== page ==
Then, in early 2019, Tile’s executives read news reports of Apple launching a hardware product, along with a service that resembled what Tile sold.
In June, Apple stopped selling Tile’s products in its stores and has since hired its engineer.
The smaller companies are seeking to urge Congress to look at how big tech use their considerable clout to hurt rivals.
‘After thoughtful consideration and months of bringing our concerns to Apple through regular… channels, Tile has made the decision to continue raising concerns over Apple’s anti-competitive practices,’ Tile’s general counsel Kirsten Daru told Reuters in an interview ahead of the hearing.
An Apple spokesman said the company has not built a business model around knowing a customer’s location or the location of their device.
PopSockets CEO David Barnett is pictured in the above undated file photo. Barnett accused Amazon of forcing the company to lower prices on its popular collapsible phone grips while also offering for sale counterfeit grips on its platform
PopSockets, a seller of collapsible phone grips, testified against Amazon.
The company’s chief executive, Barnett, said the firm started as a seller on Amazon’s third-party marketplace and then sold items directly to Amazon as a vendor, but decided to end its relationship with the company after two years in 2018.
Barnett said Amazon required PopSockets to pay almost $2 million in marketing so it could market its products as originals in the face of a wave of counterfeits.
The online retailer ‘frequently lowered their selling price of our product and then expected and needed us to help pay for the lost margin,’ he said.
‘On multiple occasions we found that Amazon Retail was itself sourcing counterfeit PopGrips and selling them alongside our authentic products,’ he told lawmakers.
Amazon spokesman Jack Evans said PopSockets was free to choose which retailers it supplies and could choose to stop selling via Amazon.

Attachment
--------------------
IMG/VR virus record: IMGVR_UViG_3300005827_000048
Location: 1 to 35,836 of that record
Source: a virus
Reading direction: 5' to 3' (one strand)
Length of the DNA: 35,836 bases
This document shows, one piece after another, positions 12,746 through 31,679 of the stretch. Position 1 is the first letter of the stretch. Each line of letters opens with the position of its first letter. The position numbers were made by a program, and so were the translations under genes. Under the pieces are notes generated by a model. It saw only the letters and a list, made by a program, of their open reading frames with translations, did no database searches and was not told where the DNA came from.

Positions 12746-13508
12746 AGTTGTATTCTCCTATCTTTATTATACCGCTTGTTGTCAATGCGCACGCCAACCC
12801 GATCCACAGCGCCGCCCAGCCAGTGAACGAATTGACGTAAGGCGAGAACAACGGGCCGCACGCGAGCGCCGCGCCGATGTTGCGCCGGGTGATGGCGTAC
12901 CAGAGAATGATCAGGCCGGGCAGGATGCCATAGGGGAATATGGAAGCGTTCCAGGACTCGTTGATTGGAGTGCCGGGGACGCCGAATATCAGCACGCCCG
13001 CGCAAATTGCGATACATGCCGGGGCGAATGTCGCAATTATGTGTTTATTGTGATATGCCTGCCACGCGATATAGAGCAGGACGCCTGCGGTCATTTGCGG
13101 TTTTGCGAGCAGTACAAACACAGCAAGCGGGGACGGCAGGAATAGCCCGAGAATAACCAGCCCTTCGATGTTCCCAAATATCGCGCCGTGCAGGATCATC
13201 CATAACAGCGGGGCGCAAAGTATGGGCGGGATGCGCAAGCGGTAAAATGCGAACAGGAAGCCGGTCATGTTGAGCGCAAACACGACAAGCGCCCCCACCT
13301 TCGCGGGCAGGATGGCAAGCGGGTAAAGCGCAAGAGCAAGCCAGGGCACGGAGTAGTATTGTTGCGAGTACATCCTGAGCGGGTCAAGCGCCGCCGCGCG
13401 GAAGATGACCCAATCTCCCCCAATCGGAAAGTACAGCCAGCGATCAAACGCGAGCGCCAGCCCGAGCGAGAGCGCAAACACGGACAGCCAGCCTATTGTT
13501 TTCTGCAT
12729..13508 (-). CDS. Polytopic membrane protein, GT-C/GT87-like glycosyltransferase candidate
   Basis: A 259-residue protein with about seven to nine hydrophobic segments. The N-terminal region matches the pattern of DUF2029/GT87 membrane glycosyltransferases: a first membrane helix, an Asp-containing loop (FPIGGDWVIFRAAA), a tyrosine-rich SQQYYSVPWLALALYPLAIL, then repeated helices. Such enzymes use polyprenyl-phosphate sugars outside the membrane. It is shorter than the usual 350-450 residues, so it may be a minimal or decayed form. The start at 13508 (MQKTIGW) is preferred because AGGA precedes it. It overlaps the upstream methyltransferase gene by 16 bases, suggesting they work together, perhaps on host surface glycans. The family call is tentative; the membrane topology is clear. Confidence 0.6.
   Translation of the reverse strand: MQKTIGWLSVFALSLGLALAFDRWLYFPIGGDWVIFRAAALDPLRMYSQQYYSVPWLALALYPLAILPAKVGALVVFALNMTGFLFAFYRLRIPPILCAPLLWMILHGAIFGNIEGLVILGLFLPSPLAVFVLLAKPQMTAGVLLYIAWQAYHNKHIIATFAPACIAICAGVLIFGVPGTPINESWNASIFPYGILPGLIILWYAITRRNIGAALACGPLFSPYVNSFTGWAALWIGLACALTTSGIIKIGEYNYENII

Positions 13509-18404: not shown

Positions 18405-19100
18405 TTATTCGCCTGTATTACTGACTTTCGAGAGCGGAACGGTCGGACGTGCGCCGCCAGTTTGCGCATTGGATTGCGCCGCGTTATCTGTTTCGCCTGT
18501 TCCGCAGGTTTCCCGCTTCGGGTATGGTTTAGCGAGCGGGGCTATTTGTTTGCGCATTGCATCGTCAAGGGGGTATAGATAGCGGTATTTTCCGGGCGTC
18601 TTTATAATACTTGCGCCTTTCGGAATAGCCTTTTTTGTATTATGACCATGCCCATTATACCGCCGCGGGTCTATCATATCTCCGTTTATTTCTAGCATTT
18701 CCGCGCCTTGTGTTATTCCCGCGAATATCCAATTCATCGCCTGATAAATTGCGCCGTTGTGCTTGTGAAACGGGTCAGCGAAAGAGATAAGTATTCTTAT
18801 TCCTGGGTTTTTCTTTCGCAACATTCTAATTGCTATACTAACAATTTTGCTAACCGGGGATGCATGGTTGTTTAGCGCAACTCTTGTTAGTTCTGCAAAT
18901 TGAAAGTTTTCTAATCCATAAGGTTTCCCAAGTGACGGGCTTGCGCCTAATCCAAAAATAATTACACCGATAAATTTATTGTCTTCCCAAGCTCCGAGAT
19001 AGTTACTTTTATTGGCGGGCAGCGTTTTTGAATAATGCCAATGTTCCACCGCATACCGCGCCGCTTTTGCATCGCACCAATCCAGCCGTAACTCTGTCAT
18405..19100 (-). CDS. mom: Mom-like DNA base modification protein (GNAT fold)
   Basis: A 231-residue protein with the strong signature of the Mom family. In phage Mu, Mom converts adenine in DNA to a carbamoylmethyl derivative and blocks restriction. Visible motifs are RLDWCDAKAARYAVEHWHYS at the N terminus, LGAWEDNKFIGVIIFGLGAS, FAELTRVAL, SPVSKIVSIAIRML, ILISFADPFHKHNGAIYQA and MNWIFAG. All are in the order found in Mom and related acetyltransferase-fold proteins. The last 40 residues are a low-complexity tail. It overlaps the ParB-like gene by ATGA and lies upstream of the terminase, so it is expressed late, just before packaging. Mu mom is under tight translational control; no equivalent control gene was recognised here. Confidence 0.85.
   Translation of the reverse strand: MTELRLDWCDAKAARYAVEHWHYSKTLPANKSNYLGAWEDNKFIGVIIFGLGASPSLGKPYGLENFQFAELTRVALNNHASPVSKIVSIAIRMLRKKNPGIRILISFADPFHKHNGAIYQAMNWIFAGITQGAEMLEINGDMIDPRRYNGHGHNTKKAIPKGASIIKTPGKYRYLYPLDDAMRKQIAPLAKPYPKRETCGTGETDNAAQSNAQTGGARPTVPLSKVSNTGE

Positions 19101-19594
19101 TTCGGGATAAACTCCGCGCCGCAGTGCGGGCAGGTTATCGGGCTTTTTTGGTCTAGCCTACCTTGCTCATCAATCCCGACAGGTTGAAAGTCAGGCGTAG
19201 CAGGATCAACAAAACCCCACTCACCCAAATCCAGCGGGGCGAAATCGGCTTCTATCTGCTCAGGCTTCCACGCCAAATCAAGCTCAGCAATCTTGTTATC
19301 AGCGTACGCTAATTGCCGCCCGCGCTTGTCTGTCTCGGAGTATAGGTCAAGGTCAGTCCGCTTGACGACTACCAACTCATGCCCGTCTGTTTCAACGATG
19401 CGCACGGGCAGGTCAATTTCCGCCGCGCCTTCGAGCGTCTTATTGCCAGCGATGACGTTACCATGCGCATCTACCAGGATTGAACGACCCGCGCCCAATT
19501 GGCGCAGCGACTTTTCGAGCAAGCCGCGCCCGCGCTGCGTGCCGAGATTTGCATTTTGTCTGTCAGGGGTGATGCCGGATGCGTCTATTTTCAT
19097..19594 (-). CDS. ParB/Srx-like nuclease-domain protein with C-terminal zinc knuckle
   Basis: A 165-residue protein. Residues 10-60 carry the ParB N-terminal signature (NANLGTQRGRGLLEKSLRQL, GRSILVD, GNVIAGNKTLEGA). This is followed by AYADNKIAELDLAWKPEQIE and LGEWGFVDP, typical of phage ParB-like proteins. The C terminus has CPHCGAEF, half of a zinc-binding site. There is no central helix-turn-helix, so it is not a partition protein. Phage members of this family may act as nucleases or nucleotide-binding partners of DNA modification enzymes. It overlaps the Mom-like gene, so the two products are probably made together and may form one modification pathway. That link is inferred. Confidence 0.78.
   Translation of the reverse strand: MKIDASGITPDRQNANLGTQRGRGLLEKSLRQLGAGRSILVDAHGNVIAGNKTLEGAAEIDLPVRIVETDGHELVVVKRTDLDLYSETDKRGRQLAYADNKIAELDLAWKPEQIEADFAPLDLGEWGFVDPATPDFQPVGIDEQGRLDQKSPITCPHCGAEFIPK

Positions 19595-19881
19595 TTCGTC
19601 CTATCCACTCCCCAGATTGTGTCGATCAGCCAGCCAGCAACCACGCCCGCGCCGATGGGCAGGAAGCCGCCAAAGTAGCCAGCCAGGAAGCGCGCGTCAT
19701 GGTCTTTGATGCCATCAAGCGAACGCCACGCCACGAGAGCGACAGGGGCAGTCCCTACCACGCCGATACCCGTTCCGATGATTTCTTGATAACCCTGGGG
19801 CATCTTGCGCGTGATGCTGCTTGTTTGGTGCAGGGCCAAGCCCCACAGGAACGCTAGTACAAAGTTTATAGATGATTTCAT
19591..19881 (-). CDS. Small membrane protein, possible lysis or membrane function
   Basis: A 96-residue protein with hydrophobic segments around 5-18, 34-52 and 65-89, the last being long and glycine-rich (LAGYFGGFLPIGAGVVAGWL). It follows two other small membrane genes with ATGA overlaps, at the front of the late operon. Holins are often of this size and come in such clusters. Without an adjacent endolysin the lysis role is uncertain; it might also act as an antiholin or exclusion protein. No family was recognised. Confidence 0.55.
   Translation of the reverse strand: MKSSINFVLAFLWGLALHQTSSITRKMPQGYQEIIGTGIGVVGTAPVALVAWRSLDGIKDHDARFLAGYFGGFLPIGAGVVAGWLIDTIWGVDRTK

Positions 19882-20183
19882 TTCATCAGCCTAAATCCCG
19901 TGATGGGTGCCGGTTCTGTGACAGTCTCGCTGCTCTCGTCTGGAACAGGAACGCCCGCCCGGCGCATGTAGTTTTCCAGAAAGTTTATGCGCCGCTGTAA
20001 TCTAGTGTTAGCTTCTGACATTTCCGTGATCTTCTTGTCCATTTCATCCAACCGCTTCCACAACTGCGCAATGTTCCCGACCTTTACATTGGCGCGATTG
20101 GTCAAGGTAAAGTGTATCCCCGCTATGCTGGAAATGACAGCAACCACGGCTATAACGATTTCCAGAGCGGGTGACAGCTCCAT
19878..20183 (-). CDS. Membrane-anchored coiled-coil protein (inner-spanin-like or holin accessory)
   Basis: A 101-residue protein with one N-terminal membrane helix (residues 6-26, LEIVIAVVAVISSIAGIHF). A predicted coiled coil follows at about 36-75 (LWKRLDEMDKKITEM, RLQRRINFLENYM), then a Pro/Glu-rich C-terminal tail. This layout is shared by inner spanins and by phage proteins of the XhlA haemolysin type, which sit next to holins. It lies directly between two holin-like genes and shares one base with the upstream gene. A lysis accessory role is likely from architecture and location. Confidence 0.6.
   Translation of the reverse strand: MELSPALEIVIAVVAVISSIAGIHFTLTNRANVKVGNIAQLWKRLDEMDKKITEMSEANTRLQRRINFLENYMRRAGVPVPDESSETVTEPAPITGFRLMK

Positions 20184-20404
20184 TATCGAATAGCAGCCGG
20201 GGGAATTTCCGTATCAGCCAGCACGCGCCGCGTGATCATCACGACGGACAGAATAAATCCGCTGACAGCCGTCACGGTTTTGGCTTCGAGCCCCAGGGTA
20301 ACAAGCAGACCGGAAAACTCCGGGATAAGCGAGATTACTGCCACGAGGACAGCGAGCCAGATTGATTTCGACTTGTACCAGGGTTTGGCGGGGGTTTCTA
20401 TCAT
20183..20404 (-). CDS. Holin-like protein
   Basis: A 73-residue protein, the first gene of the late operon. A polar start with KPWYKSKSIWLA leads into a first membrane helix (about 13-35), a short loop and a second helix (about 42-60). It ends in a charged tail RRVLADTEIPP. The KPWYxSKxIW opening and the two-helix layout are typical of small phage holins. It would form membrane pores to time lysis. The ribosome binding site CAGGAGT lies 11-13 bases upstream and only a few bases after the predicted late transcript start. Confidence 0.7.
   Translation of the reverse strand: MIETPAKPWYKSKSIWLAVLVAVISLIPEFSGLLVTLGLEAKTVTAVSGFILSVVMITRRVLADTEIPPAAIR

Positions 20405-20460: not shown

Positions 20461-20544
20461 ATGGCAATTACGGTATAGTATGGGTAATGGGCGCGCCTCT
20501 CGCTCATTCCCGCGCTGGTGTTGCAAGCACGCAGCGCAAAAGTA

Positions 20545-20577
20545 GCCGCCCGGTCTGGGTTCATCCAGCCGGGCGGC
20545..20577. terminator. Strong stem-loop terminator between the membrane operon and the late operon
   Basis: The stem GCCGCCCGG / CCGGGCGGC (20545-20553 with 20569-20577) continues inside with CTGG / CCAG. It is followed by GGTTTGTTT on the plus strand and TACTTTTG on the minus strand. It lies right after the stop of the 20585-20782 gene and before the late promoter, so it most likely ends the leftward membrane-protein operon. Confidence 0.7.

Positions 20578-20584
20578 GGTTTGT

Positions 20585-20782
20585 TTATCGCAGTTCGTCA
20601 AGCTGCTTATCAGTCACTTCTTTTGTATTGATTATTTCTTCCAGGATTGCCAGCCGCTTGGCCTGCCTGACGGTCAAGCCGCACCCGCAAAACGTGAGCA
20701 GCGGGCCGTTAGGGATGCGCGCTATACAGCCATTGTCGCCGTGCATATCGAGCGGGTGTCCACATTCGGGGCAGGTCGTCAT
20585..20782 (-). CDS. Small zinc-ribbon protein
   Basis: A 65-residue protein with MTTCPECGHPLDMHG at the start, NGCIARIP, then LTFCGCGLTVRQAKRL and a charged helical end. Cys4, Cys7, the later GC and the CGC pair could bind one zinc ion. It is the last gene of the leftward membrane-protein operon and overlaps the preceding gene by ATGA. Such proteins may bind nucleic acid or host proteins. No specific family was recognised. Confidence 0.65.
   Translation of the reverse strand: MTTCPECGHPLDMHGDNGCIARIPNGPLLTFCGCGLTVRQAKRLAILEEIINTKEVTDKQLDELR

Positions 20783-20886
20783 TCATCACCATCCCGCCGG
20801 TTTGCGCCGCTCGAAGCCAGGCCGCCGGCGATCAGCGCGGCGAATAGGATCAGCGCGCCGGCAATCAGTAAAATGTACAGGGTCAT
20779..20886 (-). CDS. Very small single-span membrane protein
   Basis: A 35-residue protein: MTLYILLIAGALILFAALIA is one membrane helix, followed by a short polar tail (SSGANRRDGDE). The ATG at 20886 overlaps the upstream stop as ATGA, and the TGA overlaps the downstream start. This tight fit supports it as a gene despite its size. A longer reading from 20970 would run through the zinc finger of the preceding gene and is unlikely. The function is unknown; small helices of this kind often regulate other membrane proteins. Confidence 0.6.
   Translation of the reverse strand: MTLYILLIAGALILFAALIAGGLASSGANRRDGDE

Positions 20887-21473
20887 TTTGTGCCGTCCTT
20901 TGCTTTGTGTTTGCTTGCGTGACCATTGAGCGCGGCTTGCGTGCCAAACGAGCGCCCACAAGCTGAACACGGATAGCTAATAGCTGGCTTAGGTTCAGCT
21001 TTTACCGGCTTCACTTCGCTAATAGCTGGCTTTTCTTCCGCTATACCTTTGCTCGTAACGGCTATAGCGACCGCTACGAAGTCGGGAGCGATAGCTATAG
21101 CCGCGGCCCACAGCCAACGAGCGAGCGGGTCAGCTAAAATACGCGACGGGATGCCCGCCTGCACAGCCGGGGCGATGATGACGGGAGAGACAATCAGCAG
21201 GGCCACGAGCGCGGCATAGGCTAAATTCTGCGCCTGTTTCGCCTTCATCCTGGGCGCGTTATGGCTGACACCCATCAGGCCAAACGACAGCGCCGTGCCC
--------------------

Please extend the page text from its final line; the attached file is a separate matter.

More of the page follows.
Third party sellers continue to sell the product on the platform.
‘We’ve continued to work with PopSockets to address our shared concerns about counterfeit,’ Evans said.
Basecamp, which sells an online project management tool, complained about Google allowing competitors to bid to have their own ads run when its trademarked name was typed into the search engine.
David Heinemeier Hansson is chief technology officer of Basecamp, which sells an online project management tool. Hansson complained about Google allowing competitors to bid to have their own ads run when its trademarked name was typed into the search engine
It said the practice allowed competitors to purchase ads that made it hard for consumers to reach Basecamp’s website, co-founder Hansson told Reuters in an interview ahead of the hearing.
The company has opened multiple trademark infringement investigations with Google but the process is ‘onerous and slow,’ he said.
‘Google’s monopoly on internet search must be broken up for the sake of a fair marketplace,’ Hansson said.
Basecamp is now forced to run a more than $70,000 annual advertising campaign to counteract the effect, he said.
Google spokesman Jose Castaneda said for trademarked terms like names of a business, the company’s policy balances the interest of both users and advertisers.
Google allows competitors to bid on trademarked terms because that offers users more choice when they are searching, but if a trademark owner files a complaint, Google blocks competitors from using their actual name in the text of the advertisement, Castaneda said.